The illusion of a secure perimeter

When one door won’t close and another door won’t open, it’s time to replace both of them, and that’s what happened. After 15 months on the property phase one of my renovation plan is complete. I have secured the perimeter.

This was supposed to take me four months. But the costs were higher than expected (which you’d know if you read the last entry) and my life is a balance of many things at once.

Because I can get away with it.

KIMG0777.JPG

New door in an old house. 

The fencing is fixed, the exterior doors have been replaced, the most troublesome windows have been summer-proofed and the swamp cooler has been brought back from the dead.

One of those doors is open now, because it is inexplicably 70 degrees in late May.

My grandfather, who built the Arizona room that comprises the rear portion of the house, saw fit to reinforce the bottom door jamb with galvanized fence tubing. Which is very innovative if you never want to replace the door. But if you do,  the door guy earns his fee by spending two hours cutting the thing away with a grinder.

Thanks Grandpa. (I say that a lot when working on the house – in that tone.)

My girlfriend was in town last weekend, so word count stopped at 3500, mostly Jack and writer’s group.

My Thursday night writer’s group no longer meets at the Armadillo Grill. The meeting space we have used since way back when I ran this group’s predecessor has been converted to the manager’s office.

So we have landed at the Duck and Decanter  at 1651 E Camelback – basically across the street.  That worked well last week. Sandwiches aren’t the same as fried calamari, and serving beer is not the same as being a bar, but we had a quiet table, good light, food and beer. I’ve been worse.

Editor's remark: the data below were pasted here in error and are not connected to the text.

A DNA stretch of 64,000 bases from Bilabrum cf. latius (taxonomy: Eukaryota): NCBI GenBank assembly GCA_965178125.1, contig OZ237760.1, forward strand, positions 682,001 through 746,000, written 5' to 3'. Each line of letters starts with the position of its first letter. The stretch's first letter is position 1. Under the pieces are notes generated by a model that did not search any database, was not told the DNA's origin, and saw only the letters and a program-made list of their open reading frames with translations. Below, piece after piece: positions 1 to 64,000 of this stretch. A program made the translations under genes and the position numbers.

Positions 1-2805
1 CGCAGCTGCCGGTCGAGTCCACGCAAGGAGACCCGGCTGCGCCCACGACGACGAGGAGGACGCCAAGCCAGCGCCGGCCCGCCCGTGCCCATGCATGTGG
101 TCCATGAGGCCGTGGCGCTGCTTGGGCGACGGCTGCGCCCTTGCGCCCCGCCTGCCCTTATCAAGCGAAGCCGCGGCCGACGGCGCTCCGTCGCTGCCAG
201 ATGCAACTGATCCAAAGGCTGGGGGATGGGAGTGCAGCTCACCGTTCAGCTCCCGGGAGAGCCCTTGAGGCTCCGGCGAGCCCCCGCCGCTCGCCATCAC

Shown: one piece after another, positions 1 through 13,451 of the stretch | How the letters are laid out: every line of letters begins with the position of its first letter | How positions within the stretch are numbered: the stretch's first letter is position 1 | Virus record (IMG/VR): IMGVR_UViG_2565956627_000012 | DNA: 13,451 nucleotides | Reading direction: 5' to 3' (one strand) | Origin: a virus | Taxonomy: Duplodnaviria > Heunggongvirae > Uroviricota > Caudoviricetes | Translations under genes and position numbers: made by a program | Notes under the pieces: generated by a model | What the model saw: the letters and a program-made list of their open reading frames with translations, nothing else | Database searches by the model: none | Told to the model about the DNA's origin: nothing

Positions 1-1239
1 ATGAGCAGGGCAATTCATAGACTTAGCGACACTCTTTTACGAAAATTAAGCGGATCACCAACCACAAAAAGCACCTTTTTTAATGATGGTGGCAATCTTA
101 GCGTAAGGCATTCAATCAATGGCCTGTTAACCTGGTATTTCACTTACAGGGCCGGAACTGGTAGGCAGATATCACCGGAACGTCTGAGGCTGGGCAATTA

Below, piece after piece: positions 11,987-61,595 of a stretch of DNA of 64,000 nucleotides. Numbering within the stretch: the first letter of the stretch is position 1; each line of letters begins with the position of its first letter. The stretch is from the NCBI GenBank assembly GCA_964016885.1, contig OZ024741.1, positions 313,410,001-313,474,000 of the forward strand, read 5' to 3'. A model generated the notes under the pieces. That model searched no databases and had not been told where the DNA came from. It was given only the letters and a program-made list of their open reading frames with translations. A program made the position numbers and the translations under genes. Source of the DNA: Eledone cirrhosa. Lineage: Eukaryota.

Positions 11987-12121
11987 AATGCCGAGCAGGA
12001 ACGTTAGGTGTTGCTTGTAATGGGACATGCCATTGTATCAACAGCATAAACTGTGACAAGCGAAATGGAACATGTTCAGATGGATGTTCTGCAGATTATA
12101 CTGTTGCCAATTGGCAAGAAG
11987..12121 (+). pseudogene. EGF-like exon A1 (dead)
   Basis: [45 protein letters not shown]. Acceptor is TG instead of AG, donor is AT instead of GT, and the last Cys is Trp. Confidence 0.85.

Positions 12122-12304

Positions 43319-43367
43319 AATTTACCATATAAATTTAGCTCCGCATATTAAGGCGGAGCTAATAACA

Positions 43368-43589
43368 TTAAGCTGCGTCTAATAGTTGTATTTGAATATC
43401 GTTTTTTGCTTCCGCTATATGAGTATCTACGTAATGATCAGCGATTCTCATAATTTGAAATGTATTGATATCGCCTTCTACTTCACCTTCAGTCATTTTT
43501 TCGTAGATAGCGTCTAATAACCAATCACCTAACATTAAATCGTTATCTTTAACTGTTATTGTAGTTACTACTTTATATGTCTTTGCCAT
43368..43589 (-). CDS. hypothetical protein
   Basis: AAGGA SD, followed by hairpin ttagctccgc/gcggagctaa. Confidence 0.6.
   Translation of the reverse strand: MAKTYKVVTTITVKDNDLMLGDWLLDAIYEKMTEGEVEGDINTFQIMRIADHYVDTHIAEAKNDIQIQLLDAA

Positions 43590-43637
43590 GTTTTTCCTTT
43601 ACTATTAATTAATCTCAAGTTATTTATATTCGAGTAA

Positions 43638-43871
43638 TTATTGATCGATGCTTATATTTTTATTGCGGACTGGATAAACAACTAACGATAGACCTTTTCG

Of the many things that Cheryl and I did over the weekend, what was most interesting is what we did not manage to do. We drove north on Monday wit the intent to hike the fabled West Fork of Oak Creek. (Yes, this is in my book: Five Star Hikes Flagstaff and Sedona, along with every other relevant hiking guide ever printed.)

Wfork Wilson home.JPG

I took this for the book, but it looked just like this – only hailing.

 

We drove north, however into dark, gathering clouds and plummeting temperatures.

 

 

 

 

Consequently, I can report that the Colt Grill in downtown Cottonwood is an excellent place for a burger and beer and maybe a flight of whiskey samples, and, unlike the Oak Creek trail, we were not getting hailed upon while we enjoyed it.

colt-inside

Whiskey good. Hail bad. 

If I have a point here, it’s that success, or just getting away with it, is determined as much by how well you recover from mistakes as how well you avoid them.

Sure, I could’ve checked the weather first. But if I’m honest with myself, and by extension you, I would have gone anyway.

But Cheryl might have brought different shoes.

Now we know.

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The Moments of my Balls in the Air